Skip to main page content
Access keys NCBI Homepage MyNCBI Homepage Main Content Main Navigation
. 2010 Jul 2;5(7):e11431.
doi: 10.1371/journal.pone.0011431.

Systemic Inflammation in Young Adults Is Associated With Abnormal Lung Function in Middle Age

Affiliations
Free PMC article

Systemic Inflammation in Young Adults Is Associated With Abnormal Lung Function in Middle Age

Ravi Kalhan et al. PLoS One. .
Free PMC article

Erratum in

  • PLoS One. 2010;5(8). doi 10.1371/annotation/ed92662b-c566-488d-b090-6c80046d3499.

Abstract

Background: Systemic inflammation is associated with reduced lung function in both healthy individuals and those with chronic obstructive pulmonary disease (COPD). Whether systemic inflammation in healthy young adults is associated with future impairment in lung health is uncertain.

Methodology/principal findings: We evaluated the association between plasma fibrinogen and C-reactive protein (CRP) in young adults and lung function in the Coronary Artery Risk Development in Young Adults cohort study. Higher year 7 fibrinogen was associated with greater loss of forced vital capacity (FVC) between years 5 and 20 (439 mL in quartile 4 vs. 398 mL in quartile 1, P<0.001) and forced expiratory volume in 1 second (FEV(1)) (487 mL in quartile 4 vs. 446 mL in quartile 1, P<0.001) independent of cigarette smoking, body habitus, baseline lung function and demographic factors. Higher year 7 CRP was also associated with both greater loss of FVC (455 mL in quartile 4 vs. 390 mL in quartile 1, P<0.001) and FEV(1) (491 mL in quartile 4 vs. 442 mL in quartile 1, P = 0.001). Higher year 7 fibrinogen and CRP were associated with abnormal FVC at year 20 (odds ratio (OR) per standard deviation 1.51 (95% confidence interval (CI): 1.30-1.75) for fibrinogen and 1.35 (95% CI: 1.14-1.59) for CRP). Higher year 5 fibrinogen was additionally associated with abnormal FEV(1). A positive interaction was observed between pack-years cigarette smoking and year 7 CRP for the COPD endpoint, and among participants with greater than 10 pack-years of cigarette exposure, year 7 CRP was associated with greater odds of COPD at year 20 (OR per standard deviation 1.53 (95% CI: 1.08-2.16).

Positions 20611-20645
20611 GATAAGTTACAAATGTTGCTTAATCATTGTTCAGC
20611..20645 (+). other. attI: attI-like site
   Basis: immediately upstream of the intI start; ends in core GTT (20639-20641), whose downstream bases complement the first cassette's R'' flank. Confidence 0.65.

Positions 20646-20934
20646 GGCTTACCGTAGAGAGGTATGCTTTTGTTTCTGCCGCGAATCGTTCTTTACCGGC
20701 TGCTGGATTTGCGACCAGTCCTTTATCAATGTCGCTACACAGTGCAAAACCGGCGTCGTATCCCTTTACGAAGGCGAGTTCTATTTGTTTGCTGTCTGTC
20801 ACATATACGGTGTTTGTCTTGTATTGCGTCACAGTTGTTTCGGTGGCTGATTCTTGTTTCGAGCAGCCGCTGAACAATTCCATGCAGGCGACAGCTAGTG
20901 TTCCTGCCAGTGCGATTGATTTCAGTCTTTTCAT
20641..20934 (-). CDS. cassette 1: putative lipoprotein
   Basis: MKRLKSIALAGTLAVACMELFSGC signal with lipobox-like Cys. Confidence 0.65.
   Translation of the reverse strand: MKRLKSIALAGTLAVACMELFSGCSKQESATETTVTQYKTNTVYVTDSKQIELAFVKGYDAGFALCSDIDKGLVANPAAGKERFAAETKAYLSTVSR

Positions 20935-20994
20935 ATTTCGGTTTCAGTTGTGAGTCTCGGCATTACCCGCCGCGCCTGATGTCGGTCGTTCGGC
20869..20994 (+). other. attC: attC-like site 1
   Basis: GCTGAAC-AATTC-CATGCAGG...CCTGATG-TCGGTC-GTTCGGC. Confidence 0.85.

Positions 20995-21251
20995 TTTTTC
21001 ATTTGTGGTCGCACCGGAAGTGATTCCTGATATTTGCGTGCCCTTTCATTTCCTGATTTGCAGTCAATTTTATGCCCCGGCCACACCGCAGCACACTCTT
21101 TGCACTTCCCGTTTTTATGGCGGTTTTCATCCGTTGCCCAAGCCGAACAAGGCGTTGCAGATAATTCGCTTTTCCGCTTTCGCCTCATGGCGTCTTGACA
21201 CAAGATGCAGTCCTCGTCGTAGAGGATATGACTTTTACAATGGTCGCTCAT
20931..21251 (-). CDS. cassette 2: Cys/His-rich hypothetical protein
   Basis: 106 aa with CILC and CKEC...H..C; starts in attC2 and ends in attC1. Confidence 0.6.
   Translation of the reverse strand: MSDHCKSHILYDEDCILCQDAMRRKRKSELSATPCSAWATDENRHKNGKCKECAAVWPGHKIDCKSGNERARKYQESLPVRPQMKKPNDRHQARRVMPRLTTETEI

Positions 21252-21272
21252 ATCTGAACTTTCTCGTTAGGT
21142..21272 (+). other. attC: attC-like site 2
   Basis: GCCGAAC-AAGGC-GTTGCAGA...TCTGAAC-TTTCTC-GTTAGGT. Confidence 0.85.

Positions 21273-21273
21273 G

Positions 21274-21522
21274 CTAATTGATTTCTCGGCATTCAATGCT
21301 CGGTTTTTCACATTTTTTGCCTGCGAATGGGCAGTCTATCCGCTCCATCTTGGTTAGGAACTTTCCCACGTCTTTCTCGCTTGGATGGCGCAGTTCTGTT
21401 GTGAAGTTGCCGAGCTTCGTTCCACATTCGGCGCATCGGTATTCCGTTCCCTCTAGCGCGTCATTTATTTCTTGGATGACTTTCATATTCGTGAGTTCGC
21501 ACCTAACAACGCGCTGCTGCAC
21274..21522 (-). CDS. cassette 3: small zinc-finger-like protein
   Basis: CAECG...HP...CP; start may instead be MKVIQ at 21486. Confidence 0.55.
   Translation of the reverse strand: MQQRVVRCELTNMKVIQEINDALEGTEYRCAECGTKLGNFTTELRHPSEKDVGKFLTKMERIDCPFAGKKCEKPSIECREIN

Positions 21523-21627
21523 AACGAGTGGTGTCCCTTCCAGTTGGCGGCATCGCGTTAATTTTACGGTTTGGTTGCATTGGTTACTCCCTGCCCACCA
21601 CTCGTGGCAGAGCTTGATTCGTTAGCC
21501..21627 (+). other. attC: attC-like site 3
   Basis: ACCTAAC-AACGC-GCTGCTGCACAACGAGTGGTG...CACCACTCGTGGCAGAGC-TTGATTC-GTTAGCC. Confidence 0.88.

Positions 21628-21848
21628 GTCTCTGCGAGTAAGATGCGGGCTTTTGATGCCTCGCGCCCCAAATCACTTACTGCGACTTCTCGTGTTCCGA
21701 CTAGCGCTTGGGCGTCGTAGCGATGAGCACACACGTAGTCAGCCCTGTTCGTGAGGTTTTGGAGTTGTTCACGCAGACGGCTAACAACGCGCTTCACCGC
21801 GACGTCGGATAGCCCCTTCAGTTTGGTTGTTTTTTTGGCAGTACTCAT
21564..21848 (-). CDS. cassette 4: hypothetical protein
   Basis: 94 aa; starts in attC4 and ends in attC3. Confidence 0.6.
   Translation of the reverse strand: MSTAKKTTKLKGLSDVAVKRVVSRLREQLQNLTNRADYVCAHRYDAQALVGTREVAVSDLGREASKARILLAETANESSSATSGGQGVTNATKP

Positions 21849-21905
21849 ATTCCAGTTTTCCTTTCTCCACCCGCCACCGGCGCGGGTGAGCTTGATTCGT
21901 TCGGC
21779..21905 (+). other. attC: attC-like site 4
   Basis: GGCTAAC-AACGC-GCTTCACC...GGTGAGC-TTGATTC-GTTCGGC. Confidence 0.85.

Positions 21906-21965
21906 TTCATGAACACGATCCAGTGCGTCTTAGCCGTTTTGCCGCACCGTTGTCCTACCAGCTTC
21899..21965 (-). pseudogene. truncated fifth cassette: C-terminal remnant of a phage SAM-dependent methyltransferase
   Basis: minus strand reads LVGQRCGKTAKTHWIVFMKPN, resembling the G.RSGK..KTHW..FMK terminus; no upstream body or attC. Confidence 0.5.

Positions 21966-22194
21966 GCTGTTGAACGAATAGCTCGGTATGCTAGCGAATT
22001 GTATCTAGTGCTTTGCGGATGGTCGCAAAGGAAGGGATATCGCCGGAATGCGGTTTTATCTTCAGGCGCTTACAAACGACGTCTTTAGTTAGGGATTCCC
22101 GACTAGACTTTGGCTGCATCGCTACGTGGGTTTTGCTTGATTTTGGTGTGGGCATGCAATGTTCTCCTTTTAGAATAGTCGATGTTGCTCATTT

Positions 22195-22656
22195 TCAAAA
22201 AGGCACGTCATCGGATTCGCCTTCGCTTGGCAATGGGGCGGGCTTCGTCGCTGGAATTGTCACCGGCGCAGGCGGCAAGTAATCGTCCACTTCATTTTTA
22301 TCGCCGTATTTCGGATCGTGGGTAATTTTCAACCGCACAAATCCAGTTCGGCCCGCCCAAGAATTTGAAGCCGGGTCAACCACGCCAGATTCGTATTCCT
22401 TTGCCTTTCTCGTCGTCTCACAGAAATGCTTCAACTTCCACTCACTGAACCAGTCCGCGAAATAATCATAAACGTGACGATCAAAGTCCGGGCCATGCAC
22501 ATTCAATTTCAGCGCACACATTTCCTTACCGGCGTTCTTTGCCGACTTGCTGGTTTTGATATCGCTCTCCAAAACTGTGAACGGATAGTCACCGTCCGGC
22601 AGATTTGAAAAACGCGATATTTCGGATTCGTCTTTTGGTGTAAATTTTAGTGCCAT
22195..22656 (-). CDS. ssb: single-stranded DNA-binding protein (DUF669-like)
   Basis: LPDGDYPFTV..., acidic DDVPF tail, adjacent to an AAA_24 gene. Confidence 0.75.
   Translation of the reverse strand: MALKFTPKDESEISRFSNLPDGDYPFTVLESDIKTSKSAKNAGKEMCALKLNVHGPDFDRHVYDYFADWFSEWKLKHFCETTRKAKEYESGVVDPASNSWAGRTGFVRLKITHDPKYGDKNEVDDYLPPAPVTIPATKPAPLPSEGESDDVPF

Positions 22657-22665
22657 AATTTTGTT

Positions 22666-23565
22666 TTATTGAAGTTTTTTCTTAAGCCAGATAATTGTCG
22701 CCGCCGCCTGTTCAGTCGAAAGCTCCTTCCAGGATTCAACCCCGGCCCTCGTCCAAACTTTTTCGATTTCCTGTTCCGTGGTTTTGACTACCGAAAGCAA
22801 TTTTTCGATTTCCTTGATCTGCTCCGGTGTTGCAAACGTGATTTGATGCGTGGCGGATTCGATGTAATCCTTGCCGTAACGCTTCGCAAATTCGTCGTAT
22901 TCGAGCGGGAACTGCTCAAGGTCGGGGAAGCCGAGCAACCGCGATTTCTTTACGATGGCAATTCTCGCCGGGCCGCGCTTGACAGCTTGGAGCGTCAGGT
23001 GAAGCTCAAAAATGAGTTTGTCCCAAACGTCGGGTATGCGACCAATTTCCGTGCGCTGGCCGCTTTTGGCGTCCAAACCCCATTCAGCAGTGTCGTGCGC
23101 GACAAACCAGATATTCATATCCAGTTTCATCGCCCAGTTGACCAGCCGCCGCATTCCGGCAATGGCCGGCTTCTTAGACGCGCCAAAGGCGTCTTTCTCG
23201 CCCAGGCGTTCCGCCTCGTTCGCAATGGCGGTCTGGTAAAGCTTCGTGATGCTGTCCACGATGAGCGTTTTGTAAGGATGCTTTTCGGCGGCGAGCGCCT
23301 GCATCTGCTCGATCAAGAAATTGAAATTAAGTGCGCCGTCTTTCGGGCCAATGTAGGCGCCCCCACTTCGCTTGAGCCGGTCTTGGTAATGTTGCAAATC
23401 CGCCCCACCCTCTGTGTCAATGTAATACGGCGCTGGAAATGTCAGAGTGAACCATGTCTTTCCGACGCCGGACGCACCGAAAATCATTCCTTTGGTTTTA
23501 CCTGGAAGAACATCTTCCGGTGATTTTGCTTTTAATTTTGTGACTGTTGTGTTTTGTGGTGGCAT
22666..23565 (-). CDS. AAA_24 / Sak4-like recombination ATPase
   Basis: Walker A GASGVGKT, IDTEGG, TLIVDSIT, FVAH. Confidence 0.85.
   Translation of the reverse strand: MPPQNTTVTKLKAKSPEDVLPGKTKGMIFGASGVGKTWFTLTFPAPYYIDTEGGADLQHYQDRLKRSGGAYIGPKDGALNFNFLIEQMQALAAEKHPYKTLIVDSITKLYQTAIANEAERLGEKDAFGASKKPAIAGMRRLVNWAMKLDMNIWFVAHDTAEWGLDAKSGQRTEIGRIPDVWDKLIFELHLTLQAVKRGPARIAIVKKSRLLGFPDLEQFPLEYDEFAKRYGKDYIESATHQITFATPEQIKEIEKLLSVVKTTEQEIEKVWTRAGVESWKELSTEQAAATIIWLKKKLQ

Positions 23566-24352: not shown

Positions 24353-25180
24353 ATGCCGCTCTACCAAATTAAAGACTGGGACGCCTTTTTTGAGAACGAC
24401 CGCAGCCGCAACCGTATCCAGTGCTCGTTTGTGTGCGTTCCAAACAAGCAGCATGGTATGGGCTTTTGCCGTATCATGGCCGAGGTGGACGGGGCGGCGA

Conclusion/significance: Systemic inflammation in young adults is associated with abnormal lung function in middle age. In particular, elevated CRP may identify vulnerability to COPD among individuals who smoke.

Trial registration: ClinicalTrials.gov NCT00005130.

Conflict of interest statement

Competing Interests: Ravi Kalhan has served as a paid consultant to Boehringer-Ingelheim, Dey Pharmaceuticals, and AstraZeneca, and has received honoraria for speaking on behalf of GlaxoSmithKline, Boehringer-Ingelheim, Pfizer, and AstraZeneca, and is the recipient of research grant support from GlaxoSmithKline. No other authors have competing interests to disclose.

Figures

Figure 1
Figure 1. Summary of the population from CARDIA included in the present analysis.
Figure 2
Figure 2. Relationship between age, lung function and quartile of fibrinogen or CRP (measured at year 7).
Spirometry exams performed at CARDIA visits at years 5, 10, and 20 were used to determine a mean lung function for each 2 year age group across year 7 CRP or fibrinogen quartiles, and slopes compared between the highest and lowest quartile groups. For both fibrinogen and CRP, the age-related decline in FVC was significantly different between quartiles 1 and 4. There were no significant differences in the FEV1 across CRP or fibrinogen quartiles.Covariates in the model include race-sex group, exam year, pack-years of cigarette exposure, and time-dependent age, time-dependent height and height-squared, and year 5 waist circumference and time-dependent change in waist circumference.

Similar articles

See all similar articles

Cited by 22 articles

See all "Cited by" articles

References

    1. Hancox RJ, Poulton R, Greene JM, Filsell S, McLachlan CR, et al. Systemic inflammation and lung function in young adults. Thorax. 2007;62:1064–1068. - PMC - PubMed
    1. Aronson D, Roterman I, Yigla M, Kerner A, Avizohar O, et al. Inverse Association between Pulmonary Function and C-Reactive Protein in Apparently Healthy Subjects. Am J Respir Crit Care Med. 2006;174:626–632. - PubMed
    1. Mannino DM, Ford ES, Redd SC. Obstructive and restrictive lung disease and markers of inflammation: data from the Third National Health and Nutrition Examination. Am J Med. 2003;114:758–762. - PubMed
    1. Walter RE, Wilk JB, Larson MG, Vasan RS, Keaney JF, Jr, et al. Systemic Inflammation and COPD: The Framingham Heart Study. Chest. 2008;133:19–25. - PubMed
    1. Engstrom G, Segelstorm N, Ekberg-Aronsson M, Nilsson PM, Lindgarde F, et al. Plasma markers of inflammation and incidence of hospitalisations for COPD: results from a population-based cohort study. Thorax. 2009;64:211–215. - PubMed

Publication types

Associated data

Feedback